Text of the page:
My literary inspiration: Megan Dunn

13 September 2017

Megan, a former Borders book shop employee and mermaid enthusiast, credits Ray Bradbury's 1953 novel Fahrenheit 451 as the literary inspiration behind her new book, Tinderbox.

Tinderbox will be published by Galley Beggar Press on 9 November.

During those final frenetic days of bookselling as the Borders UK chain was razed by shoppers, the books stripped from the shelves, their spines witlessly opened, I couldn’t get the memory of Ray Bradbury’s mechanical hound out of my head.

In Bradbury’s Sci-Fi classic Fahrenheit 451, the mechanical hound is a servant of the state: its muzzle contains a proboscis to inject its bookish victims with pure procaine.

Every day at Borders announced a new low: 50 per cent off/75 per cent off/Everything must go. I felt like going too, as did most of the staff and the good news is that soon we would go. On Christmas Eve 2009, a jingle over the tannoy: the staff filed upstairs to the manager’s office in small groups to share the news of our redundancy – O frabjous day! Callooh! Callay! – on the way back down to the tills a henchwoman stopped me to complain about the toilets. “They’re disgusting,” she frothed at the mouth. If I’d had the mechanical hound at my disposal I would have set it on her.

I first studied Bradbury’s Fahrenheit 451 at Western Heights High School in Rotorua: the mechanical hound that bounded through the pages was in chase of good readers. Fahrenheit 451 was set in an alternate reality where books were banned and firemen torched paperbacks to cinders. The hound patrolled the streets of a nameless American city where wars were fought in 45 seconds and everyone starred in soap operas filmed live through their wall-to-wall TV screens. Did it ever read just like fiction?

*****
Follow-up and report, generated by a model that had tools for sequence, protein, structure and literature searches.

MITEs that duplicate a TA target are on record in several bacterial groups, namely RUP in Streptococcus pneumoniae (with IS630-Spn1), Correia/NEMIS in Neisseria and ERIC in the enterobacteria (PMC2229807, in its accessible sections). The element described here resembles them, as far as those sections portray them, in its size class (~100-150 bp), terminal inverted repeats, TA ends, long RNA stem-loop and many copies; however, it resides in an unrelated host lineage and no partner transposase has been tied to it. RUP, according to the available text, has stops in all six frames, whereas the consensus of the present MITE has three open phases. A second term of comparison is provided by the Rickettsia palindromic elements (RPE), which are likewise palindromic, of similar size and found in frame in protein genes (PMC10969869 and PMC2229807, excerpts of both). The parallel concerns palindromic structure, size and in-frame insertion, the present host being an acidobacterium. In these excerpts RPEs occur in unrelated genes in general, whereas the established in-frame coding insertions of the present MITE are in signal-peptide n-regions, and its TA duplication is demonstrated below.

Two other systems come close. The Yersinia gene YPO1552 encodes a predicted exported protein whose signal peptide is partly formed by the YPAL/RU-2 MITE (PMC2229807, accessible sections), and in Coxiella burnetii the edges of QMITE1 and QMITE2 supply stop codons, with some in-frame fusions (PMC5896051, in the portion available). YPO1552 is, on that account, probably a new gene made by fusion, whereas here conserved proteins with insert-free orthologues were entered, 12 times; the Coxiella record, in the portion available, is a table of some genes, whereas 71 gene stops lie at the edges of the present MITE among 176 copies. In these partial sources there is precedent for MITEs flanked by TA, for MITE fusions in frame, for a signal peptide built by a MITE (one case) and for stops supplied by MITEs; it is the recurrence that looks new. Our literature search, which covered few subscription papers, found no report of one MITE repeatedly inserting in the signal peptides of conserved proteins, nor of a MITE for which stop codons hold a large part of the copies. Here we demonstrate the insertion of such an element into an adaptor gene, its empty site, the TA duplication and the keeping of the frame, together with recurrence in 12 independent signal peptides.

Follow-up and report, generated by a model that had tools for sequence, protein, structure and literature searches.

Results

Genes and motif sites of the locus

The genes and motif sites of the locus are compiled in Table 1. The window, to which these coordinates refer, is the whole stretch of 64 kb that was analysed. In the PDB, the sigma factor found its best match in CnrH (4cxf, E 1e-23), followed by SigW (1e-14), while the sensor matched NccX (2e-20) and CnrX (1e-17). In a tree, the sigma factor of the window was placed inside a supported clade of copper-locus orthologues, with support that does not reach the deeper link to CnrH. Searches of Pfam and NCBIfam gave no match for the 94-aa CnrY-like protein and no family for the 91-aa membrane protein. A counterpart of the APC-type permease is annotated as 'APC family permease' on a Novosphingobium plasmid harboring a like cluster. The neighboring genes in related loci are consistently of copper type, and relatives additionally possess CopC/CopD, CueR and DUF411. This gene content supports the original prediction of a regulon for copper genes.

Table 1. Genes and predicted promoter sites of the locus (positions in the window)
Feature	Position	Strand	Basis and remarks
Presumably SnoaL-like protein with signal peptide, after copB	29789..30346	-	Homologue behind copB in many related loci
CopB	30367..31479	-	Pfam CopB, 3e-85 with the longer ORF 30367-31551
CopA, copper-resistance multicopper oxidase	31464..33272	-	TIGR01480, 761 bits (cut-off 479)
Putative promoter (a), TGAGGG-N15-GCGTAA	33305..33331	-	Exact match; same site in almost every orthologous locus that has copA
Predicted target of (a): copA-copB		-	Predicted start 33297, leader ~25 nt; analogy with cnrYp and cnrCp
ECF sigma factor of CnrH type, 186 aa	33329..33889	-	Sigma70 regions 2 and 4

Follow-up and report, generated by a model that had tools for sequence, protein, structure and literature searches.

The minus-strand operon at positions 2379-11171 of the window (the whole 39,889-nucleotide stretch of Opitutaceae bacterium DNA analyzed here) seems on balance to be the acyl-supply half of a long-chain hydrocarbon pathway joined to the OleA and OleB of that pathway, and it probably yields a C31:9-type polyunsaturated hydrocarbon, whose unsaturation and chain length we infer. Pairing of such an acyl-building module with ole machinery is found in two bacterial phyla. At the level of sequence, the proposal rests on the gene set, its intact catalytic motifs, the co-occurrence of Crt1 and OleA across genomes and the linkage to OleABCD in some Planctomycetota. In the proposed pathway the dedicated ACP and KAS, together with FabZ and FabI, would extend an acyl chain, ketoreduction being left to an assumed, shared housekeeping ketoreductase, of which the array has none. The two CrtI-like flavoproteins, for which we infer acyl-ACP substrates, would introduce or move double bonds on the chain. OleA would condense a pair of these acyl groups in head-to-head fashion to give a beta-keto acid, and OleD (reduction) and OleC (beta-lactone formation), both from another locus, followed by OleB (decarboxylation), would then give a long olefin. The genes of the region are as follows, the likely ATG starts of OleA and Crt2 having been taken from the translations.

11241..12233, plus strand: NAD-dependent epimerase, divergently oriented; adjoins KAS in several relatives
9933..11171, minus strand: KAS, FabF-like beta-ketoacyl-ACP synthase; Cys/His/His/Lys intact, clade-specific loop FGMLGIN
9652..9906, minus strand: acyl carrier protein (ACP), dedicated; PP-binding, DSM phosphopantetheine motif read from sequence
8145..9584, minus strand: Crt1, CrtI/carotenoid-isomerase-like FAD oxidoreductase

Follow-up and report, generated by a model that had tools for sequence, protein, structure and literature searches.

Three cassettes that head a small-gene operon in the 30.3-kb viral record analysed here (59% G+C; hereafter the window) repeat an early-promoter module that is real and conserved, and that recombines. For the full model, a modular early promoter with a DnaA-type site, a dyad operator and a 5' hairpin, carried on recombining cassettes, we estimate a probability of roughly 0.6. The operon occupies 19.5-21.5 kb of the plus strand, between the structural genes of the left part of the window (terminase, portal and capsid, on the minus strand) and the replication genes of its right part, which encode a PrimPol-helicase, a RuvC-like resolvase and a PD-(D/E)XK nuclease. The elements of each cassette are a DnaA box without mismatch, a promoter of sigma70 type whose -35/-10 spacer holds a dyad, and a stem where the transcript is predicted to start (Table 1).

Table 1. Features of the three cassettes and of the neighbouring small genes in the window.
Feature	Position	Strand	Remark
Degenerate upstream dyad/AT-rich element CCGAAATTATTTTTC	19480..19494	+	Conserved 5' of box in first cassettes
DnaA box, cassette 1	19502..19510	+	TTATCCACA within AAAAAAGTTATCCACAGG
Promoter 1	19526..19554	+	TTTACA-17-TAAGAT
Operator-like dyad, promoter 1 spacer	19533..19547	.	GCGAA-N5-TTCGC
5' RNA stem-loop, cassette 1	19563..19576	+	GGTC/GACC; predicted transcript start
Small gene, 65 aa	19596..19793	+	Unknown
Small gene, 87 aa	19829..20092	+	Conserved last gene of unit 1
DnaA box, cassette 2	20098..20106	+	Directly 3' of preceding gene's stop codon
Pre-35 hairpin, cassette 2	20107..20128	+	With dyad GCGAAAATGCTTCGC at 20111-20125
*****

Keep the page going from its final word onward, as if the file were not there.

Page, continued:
Western Heights was also where I studied sex education (“Have you had an orgasm, Mrs Collins?” some smartarse asked. “Yes!” she replied. The class was razed.) For years, the hound and Bradbury’s classic had been relegated to that innocent era of homework and nuclear war movies like The Day After Tomorrow, a time when Mrs Collins orgasm constituted the true height of shocking.

In the Christmas madness of 2009, the mechanical hound rebooted. I looked across the Borders information desk. It was the day after tomorrow. I was in an unforgiving city (London) and the only thing on fire was my bank account. Bradbury’s story is about Guy Montag, the lonely fireman, with a singed smile who begins to read the books he is meant to abhor. The mechanical hound is his nemesis: the enemy of thought.

In the future will books ever be banned? It seemed unlikely as I watched towers of sale stock slope towards the tills. Every time I had to demonstrate the in-store E-reader to a customer its cord stretched.

Hey, what if I rewrote Fahrenheit 451 from the perspective of Clarisse, the hot blonde teenager who turns Montag onto books with her bright white mind. All I had to do was remember what Fahrenheit 451 was about. What was it about again?


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